20 Ocak 2013 Pazar

Existential psychology

BTD (Bilişsel Davranışçı Terapi) ve varoluşsal psikolojinin ilişkisine dair okumakta olduğum bir makaleden alıntılar: 

(Prasko, J.Mainerova, B., Jelenova, D., Kamaradova, D., & Sigmundova, Z. (2012). Existential perspectives and cognitive behavioral therapy. Activitas Nervosa Superior Rediviva, 54 (1), 3-14)

''According to Jean-Paul Sartre life is meaningless unless a person makes personal commitments that give it meaning; personal decisions and choices are crucial (Sartre 1964). 

Loss of the sense of the life and negative view on the future in depression are typical existential problems (Yalom 1980). 

If the human being’s natural way of organizing personal experiences is to construct narratives about his life, then it seems natural that these narratives are also what let us develop a perception of who we are and what we want in the future. Narrative has been characterized by the way individuals use language connected to various psychological processes, such as memory, emotion, perception, and meanings (Angus & McLeod 2004; Goncalves et al 2004). Being-for itself in existential per- spective is strongly influenced by personal story. The client’s story has developed from the experiences he/ she had in childhood, parents ́ and teacher’s stories and also from the interaction in the actual context and the anticipation of future tasks and events. A central claim of narrative therapy is that we “narrate” our lives: that we form narratives of the past and future and that these do not only describe our lives but might also influence our lives (Rhodes & Jakes 2000). Thus we develop a personal identity through our own life story (Beskow & Miro 2004). This identity deals with main issues of human existence, like self-actualization, freedom, responsibility, the sense of life, inevitability of death.

Even in the absence of others around, we learn about ourselves by imaginative listening to our own thoughts through the ears of the other (Prasko et al 2010).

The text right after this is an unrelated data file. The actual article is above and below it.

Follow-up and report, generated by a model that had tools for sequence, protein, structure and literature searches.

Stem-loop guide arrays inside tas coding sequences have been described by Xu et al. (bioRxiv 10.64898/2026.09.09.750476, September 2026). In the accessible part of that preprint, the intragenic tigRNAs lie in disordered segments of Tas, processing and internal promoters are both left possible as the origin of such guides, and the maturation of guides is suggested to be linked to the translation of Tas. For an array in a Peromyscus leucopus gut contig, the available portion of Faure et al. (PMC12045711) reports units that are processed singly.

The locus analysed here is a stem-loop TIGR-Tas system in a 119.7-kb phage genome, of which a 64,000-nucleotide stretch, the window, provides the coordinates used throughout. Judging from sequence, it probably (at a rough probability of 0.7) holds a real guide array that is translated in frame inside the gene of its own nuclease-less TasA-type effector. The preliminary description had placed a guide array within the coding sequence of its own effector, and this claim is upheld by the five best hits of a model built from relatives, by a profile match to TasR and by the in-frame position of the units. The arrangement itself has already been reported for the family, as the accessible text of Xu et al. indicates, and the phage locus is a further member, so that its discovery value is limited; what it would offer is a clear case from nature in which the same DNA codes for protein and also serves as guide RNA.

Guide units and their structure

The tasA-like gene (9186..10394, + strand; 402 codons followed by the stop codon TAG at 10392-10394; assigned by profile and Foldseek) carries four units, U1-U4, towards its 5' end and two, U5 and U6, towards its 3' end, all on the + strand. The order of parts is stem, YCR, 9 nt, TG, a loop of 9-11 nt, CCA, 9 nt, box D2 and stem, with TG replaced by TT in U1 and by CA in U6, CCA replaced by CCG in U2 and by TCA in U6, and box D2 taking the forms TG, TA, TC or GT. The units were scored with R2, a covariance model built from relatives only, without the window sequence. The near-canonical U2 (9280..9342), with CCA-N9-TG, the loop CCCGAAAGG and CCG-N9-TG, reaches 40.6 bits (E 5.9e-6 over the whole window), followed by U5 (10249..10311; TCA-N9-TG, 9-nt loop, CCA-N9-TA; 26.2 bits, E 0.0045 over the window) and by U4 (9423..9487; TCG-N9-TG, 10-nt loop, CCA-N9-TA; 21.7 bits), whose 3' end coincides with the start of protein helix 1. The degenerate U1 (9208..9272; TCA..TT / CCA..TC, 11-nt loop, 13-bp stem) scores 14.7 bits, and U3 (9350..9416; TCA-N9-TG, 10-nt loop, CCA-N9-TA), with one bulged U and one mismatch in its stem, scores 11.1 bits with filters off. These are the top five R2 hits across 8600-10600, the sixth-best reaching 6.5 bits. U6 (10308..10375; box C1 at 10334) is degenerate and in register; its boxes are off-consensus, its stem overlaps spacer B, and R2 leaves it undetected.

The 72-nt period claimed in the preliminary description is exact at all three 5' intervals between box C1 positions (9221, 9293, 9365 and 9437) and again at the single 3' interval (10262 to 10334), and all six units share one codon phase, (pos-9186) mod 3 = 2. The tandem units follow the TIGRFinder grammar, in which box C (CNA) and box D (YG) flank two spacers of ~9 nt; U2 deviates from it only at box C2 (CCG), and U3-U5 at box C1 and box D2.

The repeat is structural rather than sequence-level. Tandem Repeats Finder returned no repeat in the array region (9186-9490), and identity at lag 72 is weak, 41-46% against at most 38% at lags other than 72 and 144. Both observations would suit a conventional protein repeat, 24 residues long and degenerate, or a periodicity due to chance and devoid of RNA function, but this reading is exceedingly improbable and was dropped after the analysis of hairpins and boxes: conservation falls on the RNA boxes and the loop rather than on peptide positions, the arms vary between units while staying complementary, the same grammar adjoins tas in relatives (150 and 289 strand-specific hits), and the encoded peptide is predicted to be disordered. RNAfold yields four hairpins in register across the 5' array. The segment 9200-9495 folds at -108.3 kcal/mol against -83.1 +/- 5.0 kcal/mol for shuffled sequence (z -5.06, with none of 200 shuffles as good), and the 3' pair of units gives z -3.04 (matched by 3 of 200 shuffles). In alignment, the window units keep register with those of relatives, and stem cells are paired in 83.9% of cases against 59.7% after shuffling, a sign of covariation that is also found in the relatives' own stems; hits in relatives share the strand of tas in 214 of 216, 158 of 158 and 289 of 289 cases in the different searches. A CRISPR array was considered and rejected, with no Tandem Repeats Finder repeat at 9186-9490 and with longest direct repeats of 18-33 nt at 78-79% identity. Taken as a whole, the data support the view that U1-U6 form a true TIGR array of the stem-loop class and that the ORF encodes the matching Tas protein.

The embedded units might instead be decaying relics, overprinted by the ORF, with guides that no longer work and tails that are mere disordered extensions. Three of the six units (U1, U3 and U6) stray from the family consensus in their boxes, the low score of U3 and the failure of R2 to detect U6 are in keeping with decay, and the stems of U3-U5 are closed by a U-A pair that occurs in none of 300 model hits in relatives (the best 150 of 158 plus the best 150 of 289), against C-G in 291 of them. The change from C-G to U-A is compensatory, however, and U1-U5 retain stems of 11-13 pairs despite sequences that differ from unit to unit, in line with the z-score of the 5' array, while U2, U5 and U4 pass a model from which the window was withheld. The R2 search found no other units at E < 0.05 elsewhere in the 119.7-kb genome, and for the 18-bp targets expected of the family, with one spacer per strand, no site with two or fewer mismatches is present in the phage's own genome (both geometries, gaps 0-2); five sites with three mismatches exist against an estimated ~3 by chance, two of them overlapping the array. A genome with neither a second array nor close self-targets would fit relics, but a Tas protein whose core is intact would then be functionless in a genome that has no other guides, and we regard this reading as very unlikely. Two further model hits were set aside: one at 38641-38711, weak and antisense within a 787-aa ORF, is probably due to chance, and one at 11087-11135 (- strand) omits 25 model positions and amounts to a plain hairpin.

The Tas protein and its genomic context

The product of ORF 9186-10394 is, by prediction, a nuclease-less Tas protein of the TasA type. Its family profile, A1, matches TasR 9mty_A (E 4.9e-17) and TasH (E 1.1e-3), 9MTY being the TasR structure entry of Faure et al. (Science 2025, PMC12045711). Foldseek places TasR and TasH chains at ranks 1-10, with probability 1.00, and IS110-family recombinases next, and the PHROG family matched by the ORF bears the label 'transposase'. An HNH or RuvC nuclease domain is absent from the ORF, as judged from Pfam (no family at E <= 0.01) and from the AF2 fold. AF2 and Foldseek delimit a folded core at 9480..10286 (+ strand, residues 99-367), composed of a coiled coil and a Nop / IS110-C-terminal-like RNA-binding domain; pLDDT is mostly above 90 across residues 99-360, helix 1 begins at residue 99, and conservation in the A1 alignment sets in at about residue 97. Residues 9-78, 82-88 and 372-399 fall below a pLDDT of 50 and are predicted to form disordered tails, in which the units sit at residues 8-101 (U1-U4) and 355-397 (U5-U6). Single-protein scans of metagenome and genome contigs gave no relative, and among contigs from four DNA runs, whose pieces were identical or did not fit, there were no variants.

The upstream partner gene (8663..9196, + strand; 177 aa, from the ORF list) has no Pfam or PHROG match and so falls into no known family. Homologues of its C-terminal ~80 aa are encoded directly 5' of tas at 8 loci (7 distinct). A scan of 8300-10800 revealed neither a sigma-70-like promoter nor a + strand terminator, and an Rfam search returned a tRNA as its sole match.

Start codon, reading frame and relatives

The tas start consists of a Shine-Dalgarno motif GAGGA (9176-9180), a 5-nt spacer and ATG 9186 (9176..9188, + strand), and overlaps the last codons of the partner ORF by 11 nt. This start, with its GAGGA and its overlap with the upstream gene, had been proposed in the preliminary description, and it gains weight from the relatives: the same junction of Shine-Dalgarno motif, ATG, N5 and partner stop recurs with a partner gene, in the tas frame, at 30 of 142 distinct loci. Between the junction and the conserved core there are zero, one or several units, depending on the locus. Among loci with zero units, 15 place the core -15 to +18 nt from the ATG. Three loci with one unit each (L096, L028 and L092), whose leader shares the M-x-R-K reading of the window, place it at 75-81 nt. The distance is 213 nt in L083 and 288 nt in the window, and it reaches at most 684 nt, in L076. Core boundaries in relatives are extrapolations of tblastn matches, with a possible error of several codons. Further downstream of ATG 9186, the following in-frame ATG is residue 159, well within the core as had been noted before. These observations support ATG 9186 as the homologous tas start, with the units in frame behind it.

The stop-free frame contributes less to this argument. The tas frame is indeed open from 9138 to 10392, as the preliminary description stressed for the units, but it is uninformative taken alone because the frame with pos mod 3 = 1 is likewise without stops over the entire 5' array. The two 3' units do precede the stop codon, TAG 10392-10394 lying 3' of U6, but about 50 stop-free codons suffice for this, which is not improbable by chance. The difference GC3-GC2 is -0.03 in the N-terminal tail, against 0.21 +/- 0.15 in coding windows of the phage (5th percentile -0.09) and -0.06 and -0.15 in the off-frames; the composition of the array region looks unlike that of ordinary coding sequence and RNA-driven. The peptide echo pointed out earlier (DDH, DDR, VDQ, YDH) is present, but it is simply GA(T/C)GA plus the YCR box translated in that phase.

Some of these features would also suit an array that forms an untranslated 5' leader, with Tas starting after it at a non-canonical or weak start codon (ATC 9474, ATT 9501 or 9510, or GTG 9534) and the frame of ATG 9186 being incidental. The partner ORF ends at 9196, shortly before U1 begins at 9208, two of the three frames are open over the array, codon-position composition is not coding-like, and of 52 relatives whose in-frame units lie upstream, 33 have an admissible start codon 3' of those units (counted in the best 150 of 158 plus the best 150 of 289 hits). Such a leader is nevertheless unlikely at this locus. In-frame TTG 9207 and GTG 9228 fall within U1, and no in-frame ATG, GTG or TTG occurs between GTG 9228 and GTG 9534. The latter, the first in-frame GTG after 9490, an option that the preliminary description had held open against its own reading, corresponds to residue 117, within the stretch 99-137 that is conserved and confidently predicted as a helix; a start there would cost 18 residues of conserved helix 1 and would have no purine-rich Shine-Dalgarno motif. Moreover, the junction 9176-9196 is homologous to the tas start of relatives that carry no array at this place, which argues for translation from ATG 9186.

Story is one of the most potent containers for meaning (Gold 2007). Narrative – a form of personal storytelling – represents a fundamental mode of thought, a way of ‘‘ordering experience’’ and ‘‘constructing reality.’’ Narrative gives meaning to personal experiences, and through narrative the speaker discloses personal forms of thought and feeling. Narrative also allows the individual to construct order from the disorder and chaos that sometimes plague our daily lives and to come along with a problematic experience’’ (Jackson 2002). But narrative renderings are not simply free-flowing, disconnected and largely incoherent ramblings. Rather, they tend to be shaped by detailed, cultural, and often context-specific cognitive schemas, interpretative processes, integral to the constructive nature of cognition, which mediate our understanding of the world (Garro & Mattingly 2000) and future. 

Acceptance of emotional experience as an integral aspect of living is also inherent in the tradition of existential approaches (May 1977; Yalom 1980).

In existential therapy, individuals are conflicted with the knowledge of death, isolation, freedom, and meaninglessness (Watson et al 1998).

Health is seen as the ability to accept the anxiety that accompanies the knowledge of these negative forces and not to resort, trying to suppress, ignore, or control the reality of the definitiveness of experience. 

The meaning cannot be given, it must be found. 

Nietzsche said that if you want to learn about man ́s philosophy, ask first, “What are his values?” Lack of values, confusion of goals with values, and other values problems may underlay the failure to build broad and flexible repertoires.

Death and dying, natural processes of the end of life are not reflected in the modern society. People live as if dying and death were always someone else’s problem. They tend to displace these topics.''

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